“I had been to Alaska on a visit a couple years ago,” S. Delia Sizler recalled. “Last year I was in a discernment period about a position in the Cleveland, Ohio, area where I had thought I would be in ministry. Then I heard a voice: ‘Go to Alaska.’ It was as if God had been preparing me for that change without my even knowing it.”
According to S. Dee, Alaska has the highest incidents of domestic violence in the United States, in addition to alcoholism, unemployment and isolation. With her pastoral counseling experience and friendship with Associate Connie Trollan, who 20 years ago opened Wellspring Integrated Medical Center, “Everything just seemed to fall into place,” S. Dee said.
In January S. Dee began her ministry as part of the extended services at Wellspring, a for-profit clinic offering an integration of quality health care services. A licensed counselor for more than 25 years, she provides family pastoral services to clients seeking supportive guidance for personal, relational and spiritual issues. In addition, Sister ministers part-time at the AWARE shelter where she is present to women and children seeking safety and a place to begin recovery from abusive situations.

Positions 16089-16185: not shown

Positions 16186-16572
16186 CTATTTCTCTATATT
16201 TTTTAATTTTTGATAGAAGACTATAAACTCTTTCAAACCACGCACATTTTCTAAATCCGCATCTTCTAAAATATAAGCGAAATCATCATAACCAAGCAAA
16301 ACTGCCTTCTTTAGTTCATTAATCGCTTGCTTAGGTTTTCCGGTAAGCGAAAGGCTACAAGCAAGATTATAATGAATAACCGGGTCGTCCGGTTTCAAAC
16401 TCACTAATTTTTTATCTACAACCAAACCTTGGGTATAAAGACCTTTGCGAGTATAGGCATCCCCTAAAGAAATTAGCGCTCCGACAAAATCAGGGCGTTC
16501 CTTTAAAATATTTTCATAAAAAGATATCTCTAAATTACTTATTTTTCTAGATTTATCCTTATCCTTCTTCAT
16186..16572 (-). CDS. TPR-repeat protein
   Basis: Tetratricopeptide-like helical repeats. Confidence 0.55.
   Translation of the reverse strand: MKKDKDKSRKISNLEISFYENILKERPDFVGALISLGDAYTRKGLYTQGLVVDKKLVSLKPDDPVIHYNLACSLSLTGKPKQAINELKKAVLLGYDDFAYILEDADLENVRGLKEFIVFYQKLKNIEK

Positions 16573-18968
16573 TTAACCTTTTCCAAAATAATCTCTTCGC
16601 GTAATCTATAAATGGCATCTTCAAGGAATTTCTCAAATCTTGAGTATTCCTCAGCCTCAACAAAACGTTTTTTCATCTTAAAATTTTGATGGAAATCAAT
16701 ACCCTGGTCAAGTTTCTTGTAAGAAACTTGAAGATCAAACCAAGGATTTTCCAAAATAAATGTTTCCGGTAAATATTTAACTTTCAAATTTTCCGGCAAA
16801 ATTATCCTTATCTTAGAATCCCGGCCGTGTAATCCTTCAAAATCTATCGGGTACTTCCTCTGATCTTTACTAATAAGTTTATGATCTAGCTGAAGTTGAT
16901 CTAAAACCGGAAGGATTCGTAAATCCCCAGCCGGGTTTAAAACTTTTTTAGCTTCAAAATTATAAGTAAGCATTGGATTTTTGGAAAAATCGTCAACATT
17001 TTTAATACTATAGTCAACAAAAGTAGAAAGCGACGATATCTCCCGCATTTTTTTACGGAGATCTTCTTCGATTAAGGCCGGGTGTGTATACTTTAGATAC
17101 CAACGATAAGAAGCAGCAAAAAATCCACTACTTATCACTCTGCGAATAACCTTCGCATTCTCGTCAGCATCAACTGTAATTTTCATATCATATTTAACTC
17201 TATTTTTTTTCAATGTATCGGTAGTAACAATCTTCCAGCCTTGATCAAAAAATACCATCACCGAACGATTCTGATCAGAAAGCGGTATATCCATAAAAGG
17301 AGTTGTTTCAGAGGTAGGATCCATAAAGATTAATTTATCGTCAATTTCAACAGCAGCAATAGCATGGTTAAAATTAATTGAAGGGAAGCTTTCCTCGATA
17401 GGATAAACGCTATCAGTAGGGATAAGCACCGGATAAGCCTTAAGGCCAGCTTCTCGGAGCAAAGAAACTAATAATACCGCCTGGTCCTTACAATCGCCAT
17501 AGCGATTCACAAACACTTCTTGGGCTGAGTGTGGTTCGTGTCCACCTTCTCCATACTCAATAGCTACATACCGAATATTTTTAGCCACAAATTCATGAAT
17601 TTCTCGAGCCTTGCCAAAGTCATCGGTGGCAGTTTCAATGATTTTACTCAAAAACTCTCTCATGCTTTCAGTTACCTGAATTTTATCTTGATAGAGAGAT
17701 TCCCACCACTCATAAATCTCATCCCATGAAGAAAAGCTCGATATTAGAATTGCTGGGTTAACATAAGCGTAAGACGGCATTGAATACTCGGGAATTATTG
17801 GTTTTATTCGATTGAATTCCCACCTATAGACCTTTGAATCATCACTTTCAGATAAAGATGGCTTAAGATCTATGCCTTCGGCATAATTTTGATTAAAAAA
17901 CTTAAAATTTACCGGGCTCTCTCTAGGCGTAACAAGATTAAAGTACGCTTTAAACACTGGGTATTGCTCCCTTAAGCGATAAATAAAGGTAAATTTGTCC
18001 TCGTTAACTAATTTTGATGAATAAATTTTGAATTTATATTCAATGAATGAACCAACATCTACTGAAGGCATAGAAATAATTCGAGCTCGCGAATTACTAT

Although she traveled more than 3,000 miles from the Mount St. Joseph Motherhouse to her new ministry, Sister said she has found community with the Associates living in the area.
“Each Associate is a real witness of Charity and Gospel service,” S. Dee said. “I am discovering by being with them how the new paradigm of Church also parallels the new paradigm of SC community that is emerging here. It is very collegial. Mother Seton challenged us to be ‘daughters of the Church,’ and this seems to be a 21 st century response. The Church does not have many ordained ministers here, and the laity takes responsibility for the development of their faith lives and spread of the Gospel message by study and companioning one another. I see SC Associates doing this where there are no Sisters present.”
S. Janet Gildea
The following article is reprinted with permission from the Oct. 3, 2016 Global Sisters Report.
The Face of God's Mercy at Santo Niño